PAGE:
The songs work best placed within a framework of unrest, as distortion, underming pomp and circumstance. There have been enough copies of the chords, 99% an inferior pastiche. What has been missing is the connection between the filth and the fury to make everything currently held sacred shudder within a human earthquake.

Nothing has ever remotely come close since to making the world judder.
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7 of 8 people found the following review helpful
I bought this on "Glitterbest" bootleg when it first came out for a Pound, I was 13 at the time, as then I still think it is the best thing they ever did, you can hear the difference Glen Matlock made.
This is the "Orginal" Sex Pistols and it does not get much better than this.
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6 of 7 people found the following review helpful
on 30 December 2009
This album is one of the most important album of the Sex Pistols. Everything that could have been and this shows what Glen Matlock brought to the band. This is well worth the money to see the Sex Pistols Demo Album titled "Spunk" everything you wanted to know of what they sounded like. Nevermind the B******!?! was a polished album and this shows the raw sound that the band created. Are they as good on the album well i can't really say because it is so different to the final versions which were on the album.
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on 7 April 2011
This is an amazing album to have, albeit a bootleg originaly. This is far better than their offical studio album "Never mind the bollocks here's The Sex Pistols" it shows that they weren't as musically incompitant as they seemed, with of course Glen Matlock who was either fired or just left the band. The sound produced by Steve Jones is how it should have been in NMTB it sounds alot cleaner than in NMTB, even Lydon's voice is cleaner and sound alot better, I mean I know that sounding rough was the idea of 70's punk however how he sings in theis album is just amazing.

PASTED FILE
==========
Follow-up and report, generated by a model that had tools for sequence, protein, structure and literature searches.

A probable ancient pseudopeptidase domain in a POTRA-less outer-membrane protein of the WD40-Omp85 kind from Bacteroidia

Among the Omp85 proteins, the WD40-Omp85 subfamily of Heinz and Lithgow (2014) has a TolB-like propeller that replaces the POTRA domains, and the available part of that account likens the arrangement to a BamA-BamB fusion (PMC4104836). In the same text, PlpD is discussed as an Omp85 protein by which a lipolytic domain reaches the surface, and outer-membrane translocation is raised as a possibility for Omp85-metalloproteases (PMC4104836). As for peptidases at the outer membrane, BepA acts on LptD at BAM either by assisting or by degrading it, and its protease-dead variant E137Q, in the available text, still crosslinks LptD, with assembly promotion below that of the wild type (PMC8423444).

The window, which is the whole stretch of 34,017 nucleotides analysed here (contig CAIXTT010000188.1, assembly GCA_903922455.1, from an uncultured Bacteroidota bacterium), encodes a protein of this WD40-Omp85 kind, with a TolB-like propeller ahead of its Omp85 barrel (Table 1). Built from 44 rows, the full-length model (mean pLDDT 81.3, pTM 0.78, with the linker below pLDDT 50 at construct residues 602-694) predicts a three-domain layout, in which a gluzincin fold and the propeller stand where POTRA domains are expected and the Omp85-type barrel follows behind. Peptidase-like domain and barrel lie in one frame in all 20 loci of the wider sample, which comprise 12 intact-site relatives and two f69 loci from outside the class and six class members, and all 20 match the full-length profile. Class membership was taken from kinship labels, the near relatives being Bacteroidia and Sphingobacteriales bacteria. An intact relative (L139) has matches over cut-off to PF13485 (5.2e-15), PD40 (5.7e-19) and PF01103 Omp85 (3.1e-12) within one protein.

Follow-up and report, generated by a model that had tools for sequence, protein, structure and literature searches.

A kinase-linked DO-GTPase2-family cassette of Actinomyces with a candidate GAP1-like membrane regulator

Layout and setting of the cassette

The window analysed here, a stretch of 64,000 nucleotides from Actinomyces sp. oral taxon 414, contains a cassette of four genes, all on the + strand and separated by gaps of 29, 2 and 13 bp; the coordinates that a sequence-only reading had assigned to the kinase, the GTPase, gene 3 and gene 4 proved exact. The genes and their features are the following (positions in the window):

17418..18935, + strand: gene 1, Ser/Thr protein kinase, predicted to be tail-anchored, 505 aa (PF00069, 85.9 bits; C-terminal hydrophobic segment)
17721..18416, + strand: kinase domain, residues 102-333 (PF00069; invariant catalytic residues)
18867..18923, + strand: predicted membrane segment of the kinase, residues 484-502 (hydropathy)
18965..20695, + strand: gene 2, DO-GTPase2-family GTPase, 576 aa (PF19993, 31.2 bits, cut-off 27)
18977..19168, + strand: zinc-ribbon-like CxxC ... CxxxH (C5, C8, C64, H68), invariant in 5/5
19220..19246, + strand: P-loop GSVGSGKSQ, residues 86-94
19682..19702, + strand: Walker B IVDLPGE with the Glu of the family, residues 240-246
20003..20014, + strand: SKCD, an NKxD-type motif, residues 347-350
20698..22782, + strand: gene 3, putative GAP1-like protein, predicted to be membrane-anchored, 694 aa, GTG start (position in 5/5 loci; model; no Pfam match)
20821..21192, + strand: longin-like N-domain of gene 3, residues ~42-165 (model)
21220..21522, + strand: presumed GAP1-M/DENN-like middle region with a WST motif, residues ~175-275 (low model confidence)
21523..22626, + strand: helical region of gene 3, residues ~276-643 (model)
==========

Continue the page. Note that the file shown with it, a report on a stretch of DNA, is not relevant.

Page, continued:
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9 of 12 people found the following review helpful
on 27 February 2007
forget "never mind" that was an over polished studio production.Listen to the real pistols who don't fire blanks on this record..they have loads of spunk!! I'm grinning like a cheshire cat marvelling at the sound created by mr jones.The music might be 30 years old but that dosn't mean you shouldn't crank it up and have fun[however old you are!]
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on 15 June 2013
This is how the pistols actually sound, as the original album never mind the bollocks was said to have to much production.
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on 27 February 2015
A must for all pistols fan who have never mind the bollocks on vinyl as I have bought when originally released
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1 of 2 people found the following review helpful
on 8 June 2011
Almost as good as Never Mind The Bollocks Heres the Sex Pistols. Only let down by the sound quality which for it origins as studio demos is excellent. Steve Jones did a fantastic job on NMTB but Glenn Matlock is a much better Bass player and his Bass playing give the songs on spunk an extra edge that would have made NMTB an even better album that it is. Still well worth buying and 1000 times better than a lot of the junk out now days. A bargain at twice the price.